I often dive straight into an article, without looking to see who wrote it. Then I come across a characteristic line, and scroll to the top to confirm my suspicions.
In this case, there was an idiotic line that just screamed PETER FRANKLIN:
“Remember that only last week Sunak decided to delay the national rollout of heat pumps — a simple piece of kit that’s basically a reverse fridge.”
If heat pumps were a simple, sensible piece of kit (like LED lightbulbs), people would adopt them voluntarily, without the need for a government “rollout”.

Jim Veenbaas
Jim Veenbaas
9 months ago
Reply to  Mark Goodhand

Lol. That line stuck me as well. I don’t think it’s as simple as the author suggests. Like you say, it would be done sleazy if it was.

Liam F
Liam F
9 months ago
Reply to  Mark Goodhand

yep, i’ll bet you the author has not had an air source heat pump installed himself. Because he’d be too cold to type in winter

Waffles
Waffles
9 months ago
Reply to  Mark Goodhand

I believe they are quite simple, they are actually reverse air conditioners with the cooling element on the outside. They don’t generate heat (lots of energy), they move it around (less energy). So in theory they should be cheap and simple but I’m not surprised the roll out is a total disaster in the UK. See HS2, 3rd runway and brexit for expected timescales and competence.

Nick Wade
Nick Wade
9 months ago

“ White elephant projects need to be stopped before they waste time and money ”

But then they wouldn’t be white elephants….

Last edited 9 months ago by Nick Wade
Dumetrius
Dumetrius
9 months ago
Reply to  Nick Wade

That’s an elephant of a different colour.

j watson
j watson
9 months ago
Reply to  Nick Wade

Like Brexit?

Waffles
Waffles
9 months ago

HS2, third runway, brexit. The same issues rumble on and on. Nothing gets resolved.

HS2 money could have upgraded what pass for trains in Northern England. There they have the top half of busses that have been welded onto train wheels. The ramshackle contraptions are a visceral reminder of the north’s place in the UK.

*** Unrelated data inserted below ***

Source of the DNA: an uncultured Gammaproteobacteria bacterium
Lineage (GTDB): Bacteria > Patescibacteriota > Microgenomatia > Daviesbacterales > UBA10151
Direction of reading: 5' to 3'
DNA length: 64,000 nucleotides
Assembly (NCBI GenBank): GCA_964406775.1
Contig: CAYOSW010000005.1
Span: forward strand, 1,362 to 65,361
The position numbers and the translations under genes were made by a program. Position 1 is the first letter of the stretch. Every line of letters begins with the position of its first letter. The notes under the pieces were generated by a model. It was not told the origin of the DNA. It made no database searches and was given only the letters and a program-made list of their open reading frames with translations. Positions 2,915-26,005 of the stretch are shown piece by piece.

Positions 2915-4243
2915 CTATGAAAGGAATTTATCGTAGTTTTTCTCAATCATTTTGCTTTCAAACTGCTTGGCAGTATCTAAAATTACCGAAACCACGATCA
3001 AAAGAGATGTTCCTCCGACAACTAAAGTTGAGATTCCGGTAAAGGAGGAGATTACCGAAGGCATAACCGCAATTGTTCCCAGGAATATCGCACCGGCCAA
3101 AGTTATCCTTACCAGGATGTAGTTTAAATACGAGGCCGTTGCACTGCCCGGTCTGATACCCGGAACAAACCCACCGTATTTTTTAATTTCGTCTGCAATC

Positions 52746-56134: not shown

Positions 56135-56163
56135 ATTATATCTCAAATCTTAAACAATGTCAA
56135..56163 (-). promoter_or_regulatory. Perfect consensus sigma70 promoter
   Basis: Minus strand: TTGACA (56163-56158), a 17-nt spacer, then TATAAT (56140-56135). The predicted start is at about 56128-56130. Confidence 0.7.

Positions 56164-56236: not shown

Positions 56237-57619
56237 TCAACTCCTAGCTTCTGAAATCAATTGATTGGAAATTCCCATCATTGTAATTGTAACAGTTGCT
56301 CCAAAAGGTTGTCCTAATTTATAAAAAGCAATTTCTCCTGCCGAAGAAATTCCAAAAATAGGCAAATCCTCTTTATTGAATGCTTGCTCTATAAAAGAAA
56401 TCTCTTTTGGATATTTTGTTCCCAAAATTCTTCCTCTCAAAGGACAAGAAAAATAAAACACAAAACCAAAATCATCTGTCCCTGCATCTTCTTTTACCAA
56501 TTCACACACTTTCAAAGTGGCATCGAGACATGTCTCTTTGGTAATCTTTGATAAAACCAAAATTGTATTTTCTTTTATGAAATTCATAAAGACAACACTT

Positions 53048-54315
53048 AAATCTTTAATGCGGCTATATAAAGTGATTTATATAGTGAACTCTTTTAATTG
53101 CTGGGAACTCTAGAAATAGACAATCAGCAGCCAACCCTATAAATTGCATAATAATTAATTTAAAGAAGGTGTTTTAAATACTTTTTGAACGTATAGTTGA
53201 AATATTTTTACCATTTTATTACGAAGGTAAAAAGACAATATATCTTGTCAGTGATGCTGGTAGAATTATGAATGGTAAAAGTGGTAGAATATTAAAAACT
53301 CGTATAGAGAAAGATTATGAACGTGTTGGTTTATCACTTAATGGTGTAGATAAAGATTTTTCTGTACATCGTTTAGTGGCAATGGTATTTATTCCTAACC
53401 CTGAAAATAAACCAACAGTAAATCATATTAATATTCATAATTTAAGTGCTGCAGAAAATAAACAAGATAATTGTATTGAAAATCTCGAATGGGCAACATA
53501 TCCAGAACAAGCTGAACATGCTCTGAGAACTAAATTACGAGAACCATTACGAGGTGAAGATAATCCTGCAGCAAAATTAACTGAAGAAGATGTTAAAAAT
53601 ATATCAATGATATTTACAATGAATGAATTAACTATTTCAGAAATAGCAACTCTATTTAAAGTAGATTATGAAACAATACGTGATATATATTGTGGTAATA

Chris Wheatley
Chris Wheatley
9 months ago

I am not sure if I was in favour of HS2 or not – as a method of transportation, that is. I would have been against, simply because the UK can’t do these things any more.
I remember once driving around the motorway system listening to a phone-in programme. It was about a plan to connect Manchester and Sheffield with a motorway under the Pennines. Basically, the people in the north thought it was a good idea but those in the south didn’t. Today, the north desperately needs shedfulls of money (from the south) to stop the development of two separate countries as with North and South Italy. Maybe the failure of HS2 is a symbol of this separation.

Adam Bacon
Adam Bacon
9 months ago
Reply to  Chris Wheatley

The road and rail links between Sheffield and Manchester must surely be the worst between any comparable British cities, a mere 30 miles apart.

They consist of an hourly four carriage train service (surprisingly always overcrowded) and two twisting roads over the hills, without any dual carriageway in sight, that both converge at one set of traffic lights east of Manchester (surprisingly always gridlocked).

A fraction of the money thrown at HS2 could have resolved this glaring inadequacy.

Dumetrius
Dumetrius
9 months ago

Let’s finish it, but build it to Brunel’s preferred gauge.

Right-Wing Hippie
Right-Wing Hippie
9 months ago

Rishi Sunak has more white elephants in his sights.
That’s racist.